In a surprise discovery, astronomers have spotted telltale signs of 11 low-mass stars forming perilously close – within three light-years – to the Milky Way’s supermassive black hole, a region believed to be hostile to star formation. At such a distance, tidal forces driven by the supermassive black hole should be energetic enough to rip apart clouds of dust and gas before they can form stars.
But the presence of these newly-discovered protostars – the formative stage between a dense cloud of gas and a young, shining star – suggests that the conditions necessary for the birth of low-mass stars like our Sun may exist even in one of the most turbulent regions of our galaxy and possibly in similar locales throughout the universe.
“Despite all odds, we see the best evidence yet that low-mass stars are forming startlingly close to the supermassive black hole at the centre of the Milky Way,” said Farhad Yusef-Zadeh, an astronomer at Northwestern University in Evanston, Illinois, and lead author of a study published in the Astrophysical Journal Letters.
“This is a genuinely surprising result and one that demonstrates just how robust star formation can be, even in the most unlikely of places,” Yusef-Zadeh said. The observations were made with Atacama Large Millimeter/submillimeter Array (ALMA), an observatory in Chile. The ALMA data also suggest that these protostars are about 6,000 years old.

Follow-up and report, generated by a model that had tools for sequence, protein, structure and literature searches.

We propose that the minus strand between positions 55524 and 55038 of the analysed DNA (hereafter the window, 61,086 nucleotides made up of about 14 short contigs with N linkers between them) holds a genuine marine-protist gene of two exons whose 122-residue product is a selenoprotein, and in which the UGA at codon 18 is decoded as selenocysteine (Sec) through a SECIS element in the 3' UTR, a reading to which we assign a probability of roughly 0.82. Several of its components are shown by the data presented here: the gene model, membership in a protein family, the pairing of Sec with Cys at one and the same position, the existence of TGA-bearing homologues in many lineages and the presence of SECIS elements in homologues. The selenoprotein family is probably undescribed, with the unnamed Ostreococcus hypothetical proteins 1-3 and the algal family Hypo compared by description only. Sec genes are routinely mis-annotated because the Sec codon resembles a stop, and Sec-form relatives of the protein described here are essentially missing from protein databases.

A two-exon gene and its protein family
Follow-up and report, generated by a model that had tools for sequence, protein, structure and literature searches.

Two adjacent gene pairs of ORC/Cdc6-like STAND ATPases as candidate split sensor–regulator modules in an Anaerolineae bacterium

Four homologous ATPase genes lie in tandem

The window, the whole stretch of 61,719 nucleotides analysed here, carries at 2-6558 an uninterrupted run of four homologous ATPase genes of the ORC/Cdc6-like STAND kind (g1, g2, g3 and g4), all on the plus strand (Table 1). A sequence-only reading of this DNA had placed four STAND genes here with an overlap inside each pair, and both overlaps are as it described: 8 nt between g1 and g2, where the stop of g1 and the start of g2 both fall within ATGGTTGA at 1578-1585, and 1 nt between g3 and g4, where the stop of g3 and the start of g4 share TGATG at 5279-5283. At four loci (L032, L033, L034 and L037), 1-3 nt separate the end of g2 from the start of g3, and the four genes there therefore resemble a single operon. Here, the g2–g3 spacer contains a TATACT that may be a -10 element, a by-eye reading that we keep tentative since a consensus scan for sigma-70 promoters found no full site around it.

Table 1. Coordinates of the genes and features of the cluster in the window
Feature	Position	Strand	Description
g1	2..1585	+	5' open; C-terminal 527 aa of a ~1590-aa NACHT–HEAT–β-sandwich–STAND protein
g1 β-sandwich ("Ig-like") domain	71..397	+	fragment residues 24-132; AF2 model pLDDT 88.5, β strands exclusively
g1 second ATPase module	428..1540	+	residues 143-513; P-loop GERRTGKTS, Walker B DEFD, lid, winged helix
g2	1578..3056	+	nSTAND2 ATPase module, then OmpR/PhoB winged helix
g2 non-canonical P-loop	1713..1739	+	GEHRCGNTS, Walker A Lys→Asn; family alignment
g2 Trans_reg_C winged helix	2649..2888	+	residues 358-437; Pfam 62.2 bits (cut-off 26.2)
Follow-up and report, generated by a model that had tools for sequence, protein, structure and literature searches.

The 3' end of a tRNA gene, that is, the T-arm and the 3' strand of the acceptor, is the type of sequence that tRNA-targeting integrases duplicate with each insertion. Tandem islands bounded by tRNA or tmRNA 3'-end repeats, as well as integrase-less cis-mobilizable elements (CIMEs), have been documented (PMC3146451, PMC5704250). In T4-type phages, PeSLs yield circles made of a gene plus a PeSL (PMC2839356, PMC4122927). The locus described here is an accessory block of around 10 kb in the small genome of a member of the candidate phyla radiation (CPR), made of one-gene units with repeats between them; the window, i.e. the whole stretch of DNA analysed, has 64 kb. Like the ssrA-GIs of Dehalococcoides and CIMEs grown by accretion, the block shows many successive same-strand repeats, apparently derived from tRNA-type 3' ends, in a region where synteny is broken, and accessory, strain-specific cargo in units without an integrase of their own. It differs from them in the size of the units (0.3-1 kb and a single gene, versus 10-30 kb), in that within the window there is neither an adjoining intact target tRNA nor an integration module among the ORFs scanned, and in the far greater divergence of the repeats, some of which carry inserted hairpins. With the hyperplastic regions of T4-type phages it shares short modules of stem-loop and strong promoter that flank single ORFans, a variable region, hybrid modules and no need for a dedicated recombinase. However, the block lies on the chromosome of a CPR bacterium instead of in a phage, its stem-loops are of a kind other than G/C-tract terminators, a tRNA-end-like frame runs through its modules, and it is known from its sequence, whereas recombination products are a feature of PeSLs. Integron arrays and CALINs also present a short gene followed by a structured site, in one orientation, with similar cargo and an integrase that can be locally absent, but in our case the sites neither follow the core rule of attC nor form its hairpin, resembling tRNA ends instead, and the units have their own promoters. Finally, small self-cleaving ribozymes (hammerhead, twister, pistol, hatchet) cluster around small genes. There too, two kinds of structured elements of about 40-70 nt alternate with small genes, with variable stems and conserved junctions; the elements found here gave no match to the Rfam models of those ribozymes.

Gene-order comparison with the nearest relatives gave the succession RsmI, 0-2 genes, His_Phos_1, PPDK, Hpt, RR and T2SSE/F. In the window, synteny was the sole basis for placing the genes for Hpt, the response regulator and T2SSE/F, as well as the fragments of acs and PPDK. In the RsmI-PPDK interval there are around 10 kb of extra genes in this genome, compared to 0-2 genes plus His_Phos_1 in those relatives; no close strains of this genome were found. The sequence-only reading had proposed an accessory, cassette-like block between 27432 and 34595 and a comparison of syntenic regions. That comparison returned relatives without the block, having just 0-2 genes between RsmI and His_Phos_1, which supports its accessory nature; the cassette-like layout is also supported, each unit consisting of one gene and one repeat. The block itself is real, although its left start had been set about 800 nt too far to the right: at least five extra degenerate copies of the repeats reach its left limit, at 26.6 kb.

“This is important because it is the earliest phase of star formation we have found in this highly hostile environment,” Yusef-Zadeh said. The team of researchers identified these protostars by seeing the classic ‘double lobes’ of material that bracket each of them. These cosmic hourglass-like shapes signal the early stages of star formation.
Molecules, like carbon monoxide (CO), in these lobes glow brightly in millimetre-wavelength light, which ALMA can observe with remarkable precision and sensitivity. The Milky Way’s galactic centre, with its four million solar mass black hole, is located approximately 26,000 light-years from Earth in the direction of the constellation Sagittarius.